# Zeta Volantis

Observation data Constellation Epoch J2000.0      Equinox J2000.0 Location of ζ Volantis Volans 07h 41m 49.26100s[1] −72° 36′ 21.9566″[1] 3.93[2] K0 III[3] +1.03[2] Radial velocity (Rv) 48.1±0.7[4] km/s Proper motion (μ) RA: +33.34[1] mas/yr Dec.: +14.89[1] mas/yr Parallax (π) 23.13 ± 0.12[1] mas Distance 141.0 ± 0.7 ly (43.2 ± 0.2 pc) Radius 11[5] R☉ Luminosity 53[6] L☉ Surface gravity (log g) 2.43±0.10[7] cgs Temperature 4,721±57[7] K Metallicity [Fe/H] −0.18±0.05[7] dex ζ Vol, CP−72° 627, FK5 297, HD 63295, HIP 37504, HR 3024, SAO 256438.[8] SIMBAD data

Zeta Volantis (ζ Vol, ζ Volantis) is a binary star[9] system in the southern constellation of Volans. It has an apparent visual magnitude of 3.93,[2] which is bright enough to be seen with the naked eye. Based upon parallax measurements, it is approximately 141 light years from the Sun.[1] The companion is a magnitude 9.7 star at an angular separation of 16.7.[9] Based upon their motion through space, this system made its perihelion passage some 858,000 years ago when it came within 22 ly (6.6 pc) of the Sun.[10] It is currently moving away with a radial velocity of 48 km/s.[4]

The primary component is K-type giant star with a stellar classification of K0 III.[3] It has a derived luminosity of around 53 times that of the Sun.[6] The measured angular diameter of this star is 2.32±0.06 mas.[11] At the estimated distance of Zeta Volantis,[11] this yields a physical size of about 11 times the radius of the Sun.[5] The expanded outer envelope has an effective temperature of 4,721 K,[7] giving it the orange glow of a K-type star.[12]

## References

1. van Leeuwen, F. (2007), "Validation of the new Hipparcos reduction", Astronomy and Astrophysics, 474 (2): 653–664, arXiv:, Bibcode:2007A&A...474..653V, doi:10.1051/0004-6361:20078357.
2. ^ a b c Cousins, A. W. J. (1977), "UCBV Magnitudes and Colours of South Circumpolar Stars", South African Astronomical Observatory Circulars, 1: 51, Bibcode:1977SAAOC...1...51C.
3. ^ a b Houk, Nancy; Cowley, A. P. (1979), Michigan catalogue of two-dimensional spectral types for the HD stars, 1, Ann Arbor, Michigan: Dept. of Astronomy, University of Michigan, Bibcode:1978mcts.book.....H.
4. ^ a b Gontcharov, G. A. (November 2006), "Pulkovo Compilation of Radial Velocities for 35,495 Hipparcos stars in a common system", Astronomy Letters, 32 (11): 759–771, Bibcode:2006AstL...32..759G, doi:10.1134/S1063773706110065.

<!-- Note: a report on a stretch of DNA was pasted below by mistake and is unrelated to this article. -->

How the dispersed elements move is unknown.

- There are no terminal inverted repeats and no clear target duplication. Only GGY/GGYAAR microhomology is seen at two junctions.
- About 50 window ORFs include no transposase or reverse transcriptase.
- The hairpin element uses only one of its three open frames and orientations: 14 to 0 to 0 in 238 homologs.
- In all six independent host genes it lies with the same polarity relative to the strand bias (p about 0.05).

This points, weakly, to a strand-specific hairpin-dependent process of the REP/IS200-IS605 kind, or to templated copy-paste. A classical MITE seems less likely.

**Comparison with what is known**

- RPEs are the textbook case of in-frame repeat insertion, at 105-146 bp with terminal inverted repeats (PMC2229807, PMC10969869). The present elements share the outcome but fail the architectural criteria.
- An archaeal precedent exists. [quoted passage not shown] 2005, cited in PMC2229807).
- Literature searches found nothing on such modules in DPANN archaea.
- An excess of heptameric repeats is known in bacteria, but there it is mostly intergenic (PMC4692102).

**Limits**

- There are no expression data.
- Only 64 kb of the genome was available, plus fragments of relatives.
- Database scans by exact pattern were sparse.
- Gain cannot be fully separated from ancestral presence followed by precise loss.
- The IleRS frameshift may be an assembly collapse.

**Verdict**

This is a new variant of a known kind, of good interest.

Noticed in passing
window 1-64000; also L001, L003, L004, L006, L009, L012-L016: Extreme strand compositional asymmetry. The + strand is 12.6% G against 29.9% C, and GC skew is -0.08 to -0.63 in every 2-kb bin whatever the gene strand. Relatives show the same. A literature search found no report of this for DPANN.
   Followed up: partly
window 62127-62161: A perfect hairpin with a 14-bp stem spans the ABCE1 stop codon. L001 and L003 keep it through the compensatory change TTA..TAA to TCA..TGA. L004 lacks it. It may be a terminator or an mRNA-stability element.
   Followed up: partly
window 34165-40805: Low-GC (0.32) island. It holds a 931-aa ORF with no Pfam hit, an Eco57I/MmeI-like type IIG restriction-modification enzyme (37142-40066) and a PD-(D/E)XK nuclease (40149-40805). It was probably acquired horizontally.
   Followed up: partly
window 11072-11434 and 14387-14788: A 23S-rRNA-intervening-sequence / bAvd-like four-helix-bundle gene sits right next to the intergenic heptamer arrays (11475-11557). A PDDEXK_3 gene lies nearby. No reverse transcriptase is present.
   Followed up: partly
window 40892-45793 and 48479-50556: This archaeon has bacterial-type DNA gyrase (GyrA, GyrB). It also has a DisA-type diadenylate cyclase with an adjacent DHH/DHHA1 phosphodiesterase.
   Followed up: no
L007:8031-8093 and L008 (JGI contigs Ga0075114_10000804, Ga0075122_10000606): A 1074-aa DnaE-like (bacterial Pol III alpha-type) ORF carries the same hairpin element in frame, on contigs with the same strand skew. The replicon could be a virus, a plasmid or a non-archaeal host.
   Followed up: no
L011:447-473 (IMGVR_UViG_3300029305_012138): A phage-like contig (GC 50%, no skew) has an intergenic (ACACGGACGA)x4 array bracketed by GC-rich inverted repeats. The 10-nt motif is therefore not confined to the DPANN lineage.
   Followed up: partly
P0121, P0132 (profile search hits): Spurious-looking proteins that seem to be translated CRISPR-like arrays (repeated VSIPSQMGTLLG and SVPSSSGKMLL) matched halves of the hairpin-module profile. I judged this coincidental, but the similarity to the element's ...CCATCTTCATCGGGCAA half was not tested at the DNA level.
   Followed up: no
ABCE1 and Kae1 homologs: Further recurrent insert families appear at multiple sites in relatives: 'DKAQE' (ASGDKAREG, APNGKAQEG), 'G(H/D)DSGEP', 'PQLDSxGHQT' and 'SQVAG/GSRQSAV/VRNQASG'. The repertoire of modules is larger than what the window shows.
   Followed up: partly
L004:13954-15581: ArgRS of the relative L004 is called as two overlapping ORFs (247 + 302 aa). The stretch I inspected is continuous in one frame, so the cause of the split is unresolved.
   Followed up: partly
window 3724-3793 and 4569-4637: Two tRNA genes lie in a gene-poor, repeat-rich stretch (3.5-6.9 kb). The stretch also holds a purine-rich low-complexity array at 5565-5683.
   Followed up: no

5. ^ a b Lang, Kenneth R. (2006), Astrophysical formulae, Astronomy and astrophysics library, 1 (3rd ed.), Birkhäuser, ISBN 3-540-29692-1.. The radius (R*) is given by:
{\displaystyle {\begin{aligned}2\cdot R_{*}&={\frac {(43.2\cdot 2.32\cdot 10^{-3})\ {\text{AU}}}{0.0046491\ {\text{AU}}/R_{\bigodot }}}\\&\approx 21.6\cdot R_{\bigodot }\end{aligned}}}
6. ^ a b McDonald, I.; et al. (2012), "Fundamental Parameters and Infrared Excesses of Hipparcos Stars", Monthly Notices of the Royal Astronomical Society, 427 (1): 343–57, arXiv:, Bibcode:2012MNRAS.427..343M, doi:10.1111/j.1365-2966.2012.21873.x.
7. ^ a b c d Alves, S.; et al. (April 2015), "Determination of the spectroscopic stellar parameters for 257 field giant stars", Monthly Notices of the Royal Astronomical Society, 448 (3): 2749–2765, arXiv:, Bibcode:2015MNRAS.448.2749A, doi:10.1093/mnras/stv189.
8. ^ "zet Vol -- High proper-motion Star", SIMBAD Astronomical Database, Centre de Données astronomiques de Strasbourg, retrieved 2016-09-05.
9. ^ a b Eggleton, P. P.; Tokovinin, A. A. (September 2008), "A catalogue of multiplicity among bright stellar systems", Monthly Notices of the Royal Astronomical Society, 389 (2): 869–879, arXiv:, Bibcode:2008MNRAS.389..869E, doi:10.1111/j.1365-2966.2008.13596.x.
10. ^ Bailer-Jones, C. A. L. (March 2015), "Close encounters of the stellar kind", Astronomy & Astrophysics, 575: 13, arXiv:, Bibcode:2015A&A...575A..35B, doi:10.1051/0004-6361/201425221, A35.
11. ^ a b Richichi, A.; et al. (February 2005), "CHARM2: An updated Catalog of High Angular Resolution Measurements", Astronomy and Astrophysics, 431: 773–777, Bibcode:2005A&A...431..773R, doi:10.1051/0004-6361:20042039.
12. ^ "The Colour of Stars", Australia Telescope, Outreach and Education, Commonwealth Scientific and Industrial Research Organisation, December 21, 2004, retrieved 2012-01-16.